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White-tailed eagles are to be reintroduced to Norfolk, in the latest efforts to bring back the birds nicknamed "flying barndoors".
Natural England has granted a scheme to release up to 60 juvenile white-tailed eagles over 10 years at Wild Ken Hill in west Norfolk.
The aim is to establish a small breeding population of about six to 10 pairs.
According to the RSPB the white-tailed eagles are the largest UK bird of prey and have a wingspan of up to 8ft (2.4 metres).
The species went extinct in the UK during the early 20th century due to illegal killing.
The birds were first reintroduced in Scotland in the 1970s and on the Isle of Wight in 2019.
The reintroduction of young birds to west Norfolk is the next stage in bringing back the UK’s biggest bird of prey.
A licence has been granted to conservation organisation, the Roy Dennis Wildlife Foundation, and Wild Ken Hill, a rewilding, conservation and sustainable farming project on the west Norfolk coast, for the scheme.
The team said they were given the go-ahead after a detailed feasibility study and a public consultation which showed high public support, with 91% backing the scheme, and 63% of farmers indicating support for the proposals.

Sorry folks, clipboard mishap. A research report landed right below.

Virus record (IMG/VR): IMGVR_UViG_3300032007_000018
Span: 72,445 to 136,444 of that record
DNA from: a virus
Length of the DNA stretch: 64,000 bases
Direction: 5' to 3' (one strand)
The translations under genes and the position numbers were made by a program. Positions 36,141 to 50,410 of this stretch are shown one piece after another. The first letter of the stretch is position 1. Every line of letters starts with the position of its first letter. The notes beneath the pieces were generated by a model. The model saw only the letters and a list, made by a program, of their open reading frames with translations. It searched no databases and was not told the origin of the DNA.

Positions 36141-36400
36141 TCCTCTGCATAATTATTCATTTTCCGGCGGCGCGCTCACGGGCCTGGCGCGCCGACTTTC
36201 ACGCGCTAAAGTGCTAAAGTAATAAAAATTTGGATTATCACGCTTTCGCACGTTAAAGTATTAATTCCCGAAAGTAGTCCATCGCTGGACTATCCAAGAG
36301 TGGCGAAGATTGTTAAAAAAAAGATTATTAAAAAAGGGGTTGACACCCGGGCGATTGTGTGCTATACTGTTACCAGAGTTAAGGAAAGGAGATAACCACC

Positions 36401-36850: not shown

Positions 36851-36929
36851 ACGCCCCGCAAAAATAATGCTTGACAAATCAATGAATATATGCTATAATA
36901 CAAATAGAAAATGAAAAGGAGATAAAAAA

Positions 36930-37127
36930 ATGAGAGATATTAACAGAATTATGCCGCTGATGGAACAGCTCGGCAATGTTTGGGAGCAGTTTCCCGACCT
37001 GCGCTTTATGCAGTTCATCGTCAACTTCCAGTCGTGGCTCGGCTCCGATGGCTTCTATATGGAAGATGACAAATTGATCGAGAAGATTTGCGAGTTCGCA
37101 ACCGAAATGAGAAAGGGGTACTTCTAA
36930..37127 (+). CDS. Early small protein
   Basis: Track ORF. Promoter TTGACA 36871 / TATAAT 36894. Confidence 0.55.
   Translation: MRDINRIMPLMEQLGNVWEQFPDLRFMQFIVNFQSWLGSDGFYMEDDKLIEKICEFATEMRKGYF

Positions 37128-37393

Concerns have been raised in the past about the impact on livestock such as lambs from the birds.
The National Farmers' Union says it's important to ensure that any impact the birds have on livestock and agricultural conservation are met with 'appropriately.'
The team said no issues with conservation sites or farms have been recorded with any of the 13 birds released on the Isle of Wight, in a scheme being run by the Roy Dennis Wildlife Foundation and Forestry England.
White-tailed eagles eat largely fish but also rabbits, hares and other birds.
The young birds are likely to be introduced in 2022 after being translocated from a healthy population in Poland.
Dominic Buscall, manager at Wild Ken Hill, said: "We are delighted to have the go ahead to bring back white-tailed eagles to Eastern England, and overwhelmed by the support we have received from all sectors.
"We have also carefully been listening to concerns where they have arisen, and we are now committed to delivering this important conservation project and working with all of our stakeholders to ensure its success."
Roy Dennis said: "The breeding biology of white-tailed eagles means that although young birds range extensively in their early years, they usually return to their natal area to breed.
He added: "However, if, in the future, young birds from other populations encounter a small breeding population of white-tailed eagles in East Anglia, they may be encouraged to stay."